Do you know what happened in Lyon in AD 177? Or in Milan in 1300? Or in Baroda in 1825? You probably don’t, but you shouldn’t worry: few do. Whatever happened, it was, by ordinary standards, something quite humble. In Dominion, Tom Holland explores such happenings for precisely that reason. Yet in his telling, the humbleness disguises something more consequential. For all their seeming insignificance, these events – the persecution of Christians in Lyon, a case of heresy in Milan, an instance of suttee in Baroda – proved to be shapers of things to come. In the great scheme of history, they put grander happenings to shame. Holland uses such events (twenty-one in all, one for each chapter) as entry points into the complex narrative of his book, which examines the role of Christianity in shaping the Western mind.
This device reveals one of this book’s finest accomplishments. What in other hands could have been a dry, pedantic account of Christianity’s birth and evolution becomes in Holland’s an all-absorbing story. He did something similar in his earlier books Rubicon, Persian Fire, Dynasty, Millennium. But whereas those works were primarily about events, people and movements, which lend themselves naturally to storytelling, Dominion is concerned with things that normally resist simple narration: philosophical ideas and religious doctrines, theological controversies and intellectual debates, the dissemination and transformation of beliefs. It takes a master storyteller to translate the development of a philosophical notion into a captivating story, and Holland proves to be one.
An expert on the classical world, Holland has a good sense of the fundamental historicity that structures and shapes his subject matter. For all their commonly shared ‘human nature’, people do change in space and time, and it would be wrong to judge behaviour in the ancient past by 21st-century norms. And yet Holland can recognise a meaningful historical connection when he sees one: ‘For a self-professed materialist,’ he writes, Karl Marx was ‘oddly prone to seeing the world as the Church Fathers had once done: as a battleground between cosmic forces of good and evil’. He also has a keen feeling for human psychology. Like Abelard, he notes at one point, Luther was ‘a theologian whose capacity for daring speculation was combined with a quite exceptional talent for self-publicity’. In general, Holland has a knack for making the most of the sheer ludicrousness of the human material he is working with. To give one example, in his assessment, Galileo ‘was no Luther’. The astronomer was a compromiser, a self-aggrandiser and, ultimately, a very worldly man. His ‘instincts were those of a social climber, not a rebel’. It takes a gifted writer to detect dark spots like these from such distance.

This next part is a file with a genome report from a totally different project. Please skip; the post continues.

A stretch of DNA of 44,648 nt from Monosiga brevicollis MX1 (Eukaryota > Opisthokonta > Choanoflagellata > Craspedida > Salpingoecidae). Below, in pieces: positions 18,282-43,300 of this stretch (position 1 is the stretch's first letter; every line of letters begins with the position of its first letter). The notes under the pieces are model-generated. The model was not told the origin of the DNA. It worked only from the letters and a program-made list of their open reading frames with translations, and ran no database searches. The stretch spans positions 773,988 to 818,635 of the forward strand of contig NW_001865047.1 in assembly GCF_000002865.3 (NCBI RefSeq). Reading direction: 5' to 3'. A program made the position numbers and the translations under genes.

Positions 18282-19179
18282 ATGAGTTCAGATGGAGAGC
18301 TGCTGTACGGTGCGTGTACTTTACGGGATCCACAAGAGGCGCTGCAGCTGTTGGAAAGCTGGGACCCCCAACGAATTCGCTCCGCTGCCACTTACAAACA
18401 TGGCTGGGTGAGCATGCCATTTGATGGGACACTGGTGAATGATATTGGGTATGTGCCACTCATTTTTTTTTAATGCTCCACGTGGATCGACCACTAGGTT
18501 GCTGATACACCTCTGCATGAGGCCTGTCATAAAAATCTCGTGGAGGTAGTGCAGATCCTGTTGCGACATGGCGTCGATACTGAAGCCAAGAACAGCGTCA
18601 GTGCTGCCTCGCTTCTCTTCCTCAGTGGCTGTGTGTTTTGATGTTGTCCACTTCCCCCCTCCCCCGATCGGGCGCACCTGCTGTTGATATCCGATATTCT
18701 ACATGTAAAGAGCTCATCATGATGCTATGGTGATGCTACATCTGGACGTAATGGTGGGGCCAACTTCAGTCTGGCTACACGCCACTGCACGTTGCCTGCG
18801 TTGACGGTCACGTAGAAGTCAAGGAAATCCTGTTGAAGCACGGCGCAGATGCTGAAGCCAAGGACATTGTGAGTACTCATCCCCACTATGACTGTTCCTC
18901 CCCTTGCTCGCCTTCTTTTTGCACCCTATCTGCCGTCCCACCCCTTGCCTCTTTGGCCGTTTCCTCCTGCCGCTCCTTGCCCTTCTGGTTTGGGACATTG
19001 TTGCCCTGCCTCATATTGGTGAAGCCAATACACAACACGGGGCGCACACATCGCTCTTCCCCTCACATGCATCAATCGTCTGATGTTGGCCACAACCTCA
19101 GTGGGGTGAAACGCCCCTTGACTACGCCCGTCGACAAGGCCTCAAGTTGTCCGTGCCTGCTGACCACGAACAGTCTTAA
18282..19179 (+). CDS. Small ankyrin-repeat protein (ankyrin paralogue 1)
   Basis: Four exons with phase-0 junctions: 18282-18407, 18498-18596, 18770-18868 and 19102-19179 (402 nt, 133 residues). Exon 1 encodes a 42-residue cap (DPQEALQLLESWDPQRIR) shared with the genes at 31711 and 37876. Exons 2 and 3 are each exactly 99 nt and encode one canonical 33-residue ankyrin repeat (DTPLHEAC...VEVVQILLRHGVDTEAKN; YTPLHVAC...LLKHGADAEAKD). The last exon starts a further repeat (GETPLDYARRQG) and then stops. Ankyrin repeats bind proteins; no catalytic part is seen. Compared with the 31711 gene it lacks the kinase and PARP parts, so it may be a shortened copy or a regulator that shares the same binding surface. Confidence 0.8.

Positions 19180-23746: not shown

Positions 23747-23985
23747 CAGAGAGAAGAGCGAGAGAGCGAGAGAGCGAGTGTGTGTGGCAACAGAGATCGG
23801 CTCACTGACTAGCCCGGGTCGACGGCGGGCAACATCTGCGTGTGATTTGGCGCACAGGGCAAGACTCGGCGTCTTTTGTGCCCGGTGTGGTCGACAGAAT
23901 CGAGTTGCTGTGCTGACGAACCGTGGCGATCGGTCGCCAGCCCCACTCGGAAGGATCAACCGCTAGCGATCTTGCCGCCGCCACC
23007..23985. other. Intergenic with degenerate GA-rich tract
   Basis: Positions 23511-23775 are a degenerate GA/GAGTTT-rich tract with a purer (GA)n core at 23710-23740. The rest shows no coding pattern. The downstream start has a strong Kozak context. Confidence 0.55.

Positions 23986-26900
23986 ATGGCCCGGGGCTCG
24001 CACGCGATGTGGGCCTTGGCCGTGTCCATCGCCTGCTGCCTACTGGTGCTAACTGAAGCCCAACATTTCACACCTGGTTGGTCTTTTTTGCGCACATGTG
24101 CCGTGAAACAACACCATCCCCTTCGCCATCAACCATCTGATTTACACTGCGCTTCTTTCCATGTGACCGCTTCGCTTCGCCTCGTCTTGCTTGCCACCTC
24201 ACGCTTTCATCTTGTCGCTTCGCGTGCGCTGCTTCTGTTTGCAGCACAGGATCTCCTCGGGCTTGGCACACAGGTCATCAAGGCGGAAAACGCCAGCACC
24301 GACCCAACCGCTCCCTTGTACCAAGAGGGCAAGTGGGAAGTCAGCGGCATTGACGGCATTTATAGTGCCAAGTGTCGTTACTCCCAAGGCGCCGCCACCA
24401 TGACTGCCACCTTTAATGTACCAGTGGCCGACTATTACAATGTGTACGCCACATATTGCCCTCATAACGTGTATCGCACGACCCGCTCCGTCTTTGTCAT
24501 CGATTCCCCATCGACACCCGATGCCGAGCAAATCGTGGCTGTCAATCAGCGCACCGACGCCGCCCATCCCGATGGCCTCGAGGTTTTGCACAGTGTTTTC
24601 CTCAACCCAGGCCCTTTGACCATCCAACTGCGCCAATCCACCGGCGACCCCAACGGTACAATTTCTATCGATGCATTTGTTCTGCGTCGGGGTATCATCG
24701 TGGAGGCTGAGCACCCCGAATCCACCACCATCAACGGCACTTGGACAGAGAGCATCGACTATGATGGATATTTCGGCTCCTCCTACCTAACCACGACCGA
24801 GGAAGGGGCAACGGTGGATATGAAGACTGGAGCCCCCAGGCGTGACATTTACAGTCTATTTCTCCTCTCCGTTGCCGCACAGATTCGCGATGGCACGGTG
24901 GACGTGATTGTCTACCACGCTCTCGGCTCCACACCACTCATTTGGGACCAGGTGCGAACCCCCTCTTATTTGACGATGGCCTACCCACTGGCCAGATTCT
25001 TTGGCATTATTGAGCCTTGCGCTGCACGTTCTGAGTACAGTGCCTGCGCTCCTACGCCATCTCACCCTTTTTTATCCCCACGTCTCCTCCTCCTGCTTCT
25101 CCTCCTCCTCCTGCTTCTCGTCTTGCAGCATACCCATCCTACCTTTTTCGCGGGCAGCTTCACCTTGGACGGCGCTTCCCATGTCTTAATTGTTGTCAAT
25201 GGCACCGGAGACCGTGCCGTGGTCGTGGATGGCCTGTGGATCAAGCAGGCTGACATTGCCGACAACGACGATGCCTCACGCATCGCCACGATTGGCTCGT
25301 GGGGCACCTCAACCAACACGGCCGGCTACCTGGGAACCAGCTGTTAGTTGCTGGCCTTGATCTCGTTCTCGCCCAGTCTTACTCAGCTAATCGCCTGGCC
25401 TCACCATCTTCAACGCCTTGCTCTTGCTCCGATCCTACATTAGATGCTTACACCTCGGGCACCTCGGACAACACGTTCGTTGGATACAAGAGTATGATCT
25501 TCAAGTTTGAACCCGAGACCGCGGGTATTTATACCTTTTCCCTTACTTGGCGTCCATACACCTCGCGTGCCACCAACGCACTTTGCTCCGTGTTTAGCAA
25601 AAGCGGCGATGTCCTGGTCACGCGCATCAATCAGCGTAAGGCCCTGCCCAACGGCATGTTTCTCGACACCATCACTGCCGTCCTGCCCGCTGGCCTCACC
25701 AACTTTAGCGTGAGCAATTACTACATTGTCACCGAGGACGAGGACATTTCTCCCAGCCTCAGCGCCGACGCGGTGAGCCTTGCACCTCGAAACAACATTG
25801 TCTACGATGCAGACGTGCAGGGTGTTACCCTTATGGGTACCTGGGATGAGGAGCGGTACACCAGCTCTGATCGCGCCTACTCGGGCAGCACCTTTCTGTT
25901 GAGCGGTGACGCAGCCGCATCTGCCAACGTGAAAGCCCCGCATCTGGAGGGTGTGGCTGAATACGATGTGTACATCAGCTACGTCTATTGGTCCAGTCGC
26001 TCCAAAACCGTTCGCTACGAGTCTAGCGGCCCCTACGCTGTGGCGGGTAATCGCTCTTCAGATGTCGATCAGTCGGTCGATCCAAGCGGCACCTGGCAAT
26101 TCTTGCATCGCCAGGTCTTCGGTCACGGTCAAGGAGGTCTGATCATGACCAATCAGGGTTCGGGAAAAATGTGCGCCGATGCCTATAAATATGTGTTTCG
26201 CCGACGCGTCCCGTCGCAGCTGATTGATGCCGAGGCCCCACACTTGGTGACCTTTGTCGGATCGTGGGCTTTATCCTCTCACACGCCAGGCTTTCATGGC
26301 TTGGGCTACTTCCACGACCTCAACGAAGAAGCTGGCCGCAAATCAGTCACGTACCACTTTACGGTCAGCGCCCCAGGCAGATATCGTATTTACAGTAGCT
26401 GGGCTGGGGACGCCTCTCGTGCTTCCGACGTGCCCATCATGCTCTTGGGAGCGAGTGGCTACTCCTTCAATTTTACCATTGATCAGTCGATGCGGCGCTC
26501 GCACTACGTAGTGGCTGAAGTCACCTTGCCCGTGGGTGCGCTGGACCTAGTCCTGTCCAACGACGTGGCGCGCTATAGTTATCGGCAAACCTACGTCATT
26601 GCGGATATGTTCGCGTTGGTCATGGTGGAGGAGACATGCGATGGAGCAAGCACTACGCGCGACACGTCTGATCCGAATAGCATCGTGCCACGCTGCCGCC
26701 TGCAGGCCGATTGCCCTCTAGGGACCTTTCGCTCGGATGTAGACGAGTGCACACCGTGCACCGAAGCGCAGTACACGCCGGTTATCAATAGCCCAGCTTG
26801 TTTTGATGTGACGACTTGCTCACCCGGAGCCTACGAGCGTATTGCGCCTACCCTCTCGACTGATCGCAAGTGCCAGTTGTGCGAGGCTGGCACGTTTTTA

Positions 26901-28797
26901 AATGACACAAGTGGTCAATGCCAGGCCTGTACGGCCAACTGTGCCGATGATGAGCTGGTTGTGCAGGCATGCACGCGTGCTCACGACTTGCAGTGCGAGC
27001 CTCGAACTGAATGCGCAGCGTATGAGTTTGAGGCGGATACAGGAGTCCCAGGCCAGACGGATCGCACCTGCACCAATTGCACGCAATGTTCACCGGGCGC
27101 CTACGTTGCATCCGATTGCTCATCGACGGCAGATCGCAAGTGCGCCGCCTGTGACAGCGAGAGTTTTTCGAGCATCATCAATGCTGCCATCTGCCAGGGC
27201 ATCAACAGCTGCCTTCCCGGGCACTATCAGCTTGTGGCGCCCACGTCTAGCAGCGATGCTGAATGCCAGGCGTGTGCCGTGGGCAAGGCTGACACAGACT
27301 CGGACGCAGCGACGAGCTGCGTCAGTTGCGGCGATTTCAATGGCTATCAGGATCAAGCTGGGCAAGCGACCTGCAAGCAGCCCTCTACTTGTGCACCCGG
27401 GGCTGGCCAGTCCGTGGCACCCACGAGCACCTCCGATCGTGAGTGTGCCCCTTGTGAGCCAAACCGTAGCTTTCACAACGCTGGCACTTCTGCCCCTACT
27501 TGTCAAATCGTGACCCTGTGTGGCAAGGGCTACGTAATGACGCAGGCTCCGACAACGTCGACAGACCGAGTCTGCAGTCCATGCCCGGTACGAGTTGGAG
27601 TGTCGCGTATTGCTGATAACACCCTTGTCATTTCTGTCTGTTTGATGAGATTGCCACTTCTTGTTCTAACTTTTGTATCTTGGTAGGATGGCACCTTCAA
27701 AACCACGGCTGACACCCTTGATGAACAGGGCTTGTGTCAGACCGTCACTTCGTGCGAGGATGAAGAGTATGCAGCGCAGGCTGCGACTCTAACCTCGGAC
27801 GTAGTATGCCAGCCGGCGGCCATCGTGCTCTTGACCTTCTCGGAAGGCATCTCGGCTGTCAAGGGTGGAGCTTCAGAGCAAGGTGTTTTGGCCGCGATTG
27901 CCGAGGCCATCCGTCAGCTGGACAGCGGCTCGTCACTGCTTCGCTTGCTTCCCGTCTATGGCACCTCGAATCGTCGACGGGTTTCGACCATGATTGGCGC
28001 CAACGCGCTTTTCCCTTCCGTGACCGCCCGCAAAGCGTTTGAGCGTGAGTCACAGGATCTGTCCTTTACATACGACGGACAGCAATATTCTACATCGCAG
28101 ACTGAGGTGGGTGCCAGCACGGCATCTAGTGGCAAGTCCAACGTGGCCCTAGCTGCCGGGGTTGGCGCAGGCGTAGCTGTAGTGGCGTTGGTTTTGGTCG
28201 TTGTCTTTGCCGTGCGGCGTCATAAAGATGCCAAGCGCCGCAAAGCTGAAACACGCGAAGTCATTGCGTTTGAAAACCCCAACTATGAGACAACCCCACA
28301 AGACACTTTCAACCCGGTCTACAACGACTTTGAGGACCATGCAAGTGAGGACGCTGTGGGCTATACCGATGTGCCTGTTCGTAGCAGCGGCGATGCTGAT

The task Holland sets himself in his book is pretty straightforward. He seeks to give a comprehensive answer to the question ‘How was it that a cult inspired by the execution of an obscure criminal in a long-vanished empire came to exercise such a transformative and enduring influence on the world?’ He doesn’t claim groundbreaking archival discoveries or archaeological revelations. Instead, Holland offers a remarkably nuanced and balanced account of two millennia of Christian history – intellectual, cultural, artistic, social and political. The book’s scope is breathtaking: it covers everything from Persian influences on the formation of Christian doctrine to Martin Luther King Jr’s theology, from Origen to Nietzsche, from Gregorian chants to the Beatles, from monks hiding themselves in the Libyan desert to missionaries trying to Christianise India.